Sunday, January 15, 2006 12:35 PM
  •  jmcilhinney wrote:
    The ActiveX MaskedEditBox is available in VS.NET 2003, but this IS a .NET 2.0-specific forum you know.  Of course people will normally answer questions on .NET 1.x but you really should stipulate that that's what you're using from the word go.

    Where does is say that this is a .NET 2.0-specific forum? This is a C#-forum, actually, and not bound to any particular version of .NET.

    Sunday, January 15, 2006 12:58 PM
  • Yeah, that's true!


    Nevertheless, I think the default stance in most forums is to assume the latest version, unless otherwise directed. Otherwise you end up asking "which version of C#/.net?" for almost every question...

    Therefore, as an example, if someone asks a question that could be solved using generics, someone else will probably suggestan answer that uses generics - unless the OP stipulates C# version 1 in the question.

    I must further point out that the description of this forum says "Issues regarding the C# language and compiler – including things like generics, anonymous methods, etc."

    Note the use of the term "generics" in the description - which most certainly implies C# 2!

    Monday, January 16, 2006 9:52 AM
  • This is how to format a string of numbers into a proper phone number format. For example say a user types in the following for a phone number: 1234567890. The following code will take that value and turn it into this: 123-456-7890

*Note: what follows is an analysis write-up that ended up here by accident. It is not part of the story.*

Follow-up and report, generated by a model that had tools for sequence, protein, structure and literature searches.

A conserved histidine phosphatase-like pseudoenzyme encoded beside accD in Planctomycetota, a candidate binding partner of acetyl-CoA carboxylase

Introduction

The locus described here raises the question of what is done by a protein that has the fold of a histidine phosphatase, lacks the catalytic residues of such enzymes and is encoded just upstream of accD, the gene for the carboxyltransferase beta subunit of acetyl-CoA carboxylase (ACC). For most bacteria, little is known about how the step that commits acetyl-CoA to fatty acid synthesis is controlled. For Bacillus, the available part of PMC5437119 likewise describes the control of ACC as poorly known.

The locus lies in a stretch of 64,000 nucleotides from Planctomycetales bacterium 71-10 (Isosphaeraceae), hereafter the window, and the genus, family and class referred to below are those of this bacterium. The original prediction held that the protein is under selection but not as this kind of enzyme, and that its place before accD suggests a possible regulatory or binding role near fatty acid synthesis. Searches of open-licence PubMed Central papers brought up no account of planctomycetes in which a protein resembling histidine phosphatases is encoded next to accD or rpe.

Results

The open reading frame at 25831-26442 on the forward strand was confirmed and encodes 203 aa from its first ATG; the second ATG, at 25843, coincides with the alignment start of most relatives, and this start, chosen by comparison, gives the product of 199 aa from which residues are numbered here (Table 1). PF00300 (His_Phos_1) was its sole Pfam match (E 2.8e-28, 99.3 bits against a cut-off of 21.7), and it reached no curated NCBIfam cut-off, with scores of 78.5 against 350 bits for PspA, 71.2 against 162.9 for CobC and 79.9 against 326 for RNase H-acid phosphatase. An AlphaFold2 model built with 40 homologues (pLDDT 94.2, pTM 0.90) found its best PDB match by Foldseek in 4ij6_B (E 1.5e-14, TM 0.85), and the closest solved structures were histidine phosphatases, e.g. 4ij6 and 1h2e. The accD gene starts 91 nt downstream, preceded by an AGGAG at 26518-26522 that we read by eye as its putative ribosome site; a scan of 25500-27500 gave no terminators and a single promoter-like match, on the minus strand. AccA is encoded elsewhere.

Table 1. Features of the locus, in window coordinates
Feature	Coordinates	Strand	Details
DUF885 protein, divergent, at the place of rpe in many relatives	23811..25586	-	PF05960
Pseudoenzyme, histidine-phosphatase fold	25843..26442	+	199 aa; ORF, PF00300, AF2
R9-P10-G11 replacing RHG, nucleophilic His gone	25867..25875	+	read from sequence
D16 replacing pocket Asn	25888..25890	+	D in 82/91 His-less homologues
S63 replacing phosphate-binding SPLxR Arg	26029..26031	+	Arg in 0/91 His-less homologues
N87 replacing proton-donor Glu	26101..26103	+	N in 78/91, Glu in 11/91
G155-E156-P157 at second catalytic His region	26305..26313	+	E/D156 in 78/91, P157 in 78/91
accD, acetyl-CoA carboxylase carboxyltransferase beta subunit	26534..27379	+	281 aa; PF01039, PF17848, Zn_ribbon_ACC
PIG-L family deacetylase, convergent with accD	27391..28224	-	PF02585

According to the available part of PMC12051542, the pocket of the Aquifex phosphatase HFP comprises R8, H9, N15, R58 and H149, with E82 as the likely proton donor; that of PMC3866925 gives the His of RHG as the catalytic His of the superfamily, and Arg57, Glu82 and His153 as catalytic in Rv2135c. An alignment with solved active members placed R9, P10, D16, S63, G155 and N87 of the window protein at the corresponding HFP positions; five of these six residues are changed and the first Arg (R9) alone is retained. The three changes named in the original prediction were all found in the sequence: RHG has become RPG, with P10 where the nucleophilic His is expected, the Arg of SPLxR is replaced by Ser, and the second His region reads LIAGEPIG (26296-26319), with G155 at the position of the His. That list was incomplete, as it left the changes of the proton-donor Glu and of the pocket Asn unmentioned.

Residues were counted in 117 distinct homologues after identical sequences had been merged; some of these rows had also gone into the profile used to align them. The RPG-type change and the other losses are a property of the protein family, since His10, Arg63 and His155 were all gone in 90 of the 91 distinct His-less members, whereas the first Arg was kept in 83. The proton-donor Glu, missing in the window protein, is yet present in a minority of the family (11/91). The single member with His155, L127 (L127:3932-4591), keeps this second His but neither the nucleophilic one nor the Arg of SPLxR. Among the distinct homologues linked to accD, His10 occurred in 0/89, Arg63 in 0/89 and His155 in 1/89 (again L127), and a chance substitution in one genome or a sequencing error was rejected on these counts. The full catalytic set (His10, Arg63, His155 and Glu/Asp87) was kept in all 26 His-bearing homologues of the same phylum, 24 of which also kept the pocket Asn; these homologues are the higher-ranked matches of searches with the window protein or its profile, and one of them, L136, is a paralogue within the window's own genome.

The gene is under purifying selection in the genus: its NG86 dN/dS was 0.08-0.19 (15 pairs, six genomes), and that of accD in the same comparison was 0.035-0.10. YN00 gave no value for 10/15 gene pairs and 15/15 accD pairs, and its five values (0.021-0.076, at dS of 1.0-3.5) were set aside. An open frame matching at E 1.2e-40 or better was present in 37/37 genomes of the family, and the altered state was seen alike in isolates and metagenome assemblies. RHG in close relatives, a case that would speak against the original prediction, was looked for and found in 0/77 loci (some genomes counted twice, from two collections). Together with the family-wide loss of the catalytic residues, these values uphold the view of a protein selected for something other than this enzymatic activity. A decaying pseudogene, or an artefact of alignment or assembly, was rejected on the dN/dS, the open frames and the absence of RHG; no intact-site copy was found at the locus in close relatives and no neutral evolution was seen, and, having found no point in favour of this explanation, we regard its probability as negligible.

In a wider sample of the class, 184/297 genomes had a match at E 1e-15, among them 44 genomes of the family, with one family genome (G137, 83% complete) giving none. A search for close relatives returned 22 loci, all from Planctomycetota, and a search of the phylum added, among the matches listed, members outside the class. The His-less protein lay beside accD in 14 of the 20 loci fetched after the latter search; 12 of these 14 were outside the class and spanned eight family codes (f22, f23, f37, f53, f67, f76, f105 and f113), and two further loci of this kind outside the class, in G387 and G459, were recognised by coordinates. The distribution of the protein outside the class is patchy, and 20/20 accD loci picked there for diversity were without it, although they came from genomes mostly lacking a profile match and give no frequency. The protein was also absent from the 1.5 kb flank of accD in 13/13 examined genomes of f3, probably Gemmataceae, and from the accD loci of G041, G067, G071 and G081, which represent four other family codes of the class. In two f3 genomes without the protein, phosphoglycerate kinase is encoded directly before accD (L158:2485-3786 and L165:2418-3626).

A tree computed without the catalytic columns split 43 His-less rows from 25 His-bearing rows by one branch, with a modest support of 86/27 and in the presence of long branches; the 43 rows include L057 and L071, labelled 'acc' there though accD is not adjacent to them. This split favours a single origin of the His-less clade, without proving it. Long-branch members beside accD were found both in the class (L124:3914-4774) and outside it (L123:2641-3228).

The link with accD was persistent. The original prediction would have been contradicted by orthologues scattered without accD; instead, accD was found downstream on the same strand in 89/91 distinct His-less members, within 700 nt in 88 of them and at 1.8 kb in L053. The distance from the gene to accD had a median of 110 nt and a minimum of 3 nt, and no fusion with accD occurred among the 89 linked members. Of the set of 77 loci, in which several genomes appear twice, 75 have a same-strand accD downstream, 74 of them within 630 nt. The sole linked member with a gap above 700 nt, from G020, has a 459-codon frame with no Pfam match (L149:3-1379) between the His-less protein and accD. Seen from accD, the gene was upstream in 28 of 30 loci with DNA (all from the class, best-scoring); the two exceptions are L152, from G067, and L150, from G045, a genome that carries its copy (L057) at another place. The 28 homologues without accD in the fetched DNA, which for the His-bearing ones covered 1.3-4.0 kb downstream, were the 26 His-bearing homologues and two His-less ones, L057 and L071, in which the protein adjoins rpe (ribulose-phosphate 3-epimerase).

string x = txtPhone.Text;

    double y = Double.Parse(x);

    txtPhone.Text = String.Format("{0:###-###-####}", y);

    Tuesday, January 17, 2006 9:59 PM
  • The user will enter in different formats of a phone number. Two ways to do this is to either search the entire string for characters other then numbers, or to check the string and remove certain characters in their predeterimed spot. Here is an event that calls a method which will check to see if the user entered "(###) ###-####" or "#-###-###-####" or "##########" or "###-####". It will then fix it and return the format of "###-###-####".  Basically it works by assuming when someone is typing one of the given formats of a phone number it removes a character in the given position. So the number (###) ###-#### the (  ) are always in the position 0 & 4, so it removes whatever character is in that position. Again, it could be better, but at least it will help you when formatting numbers manually.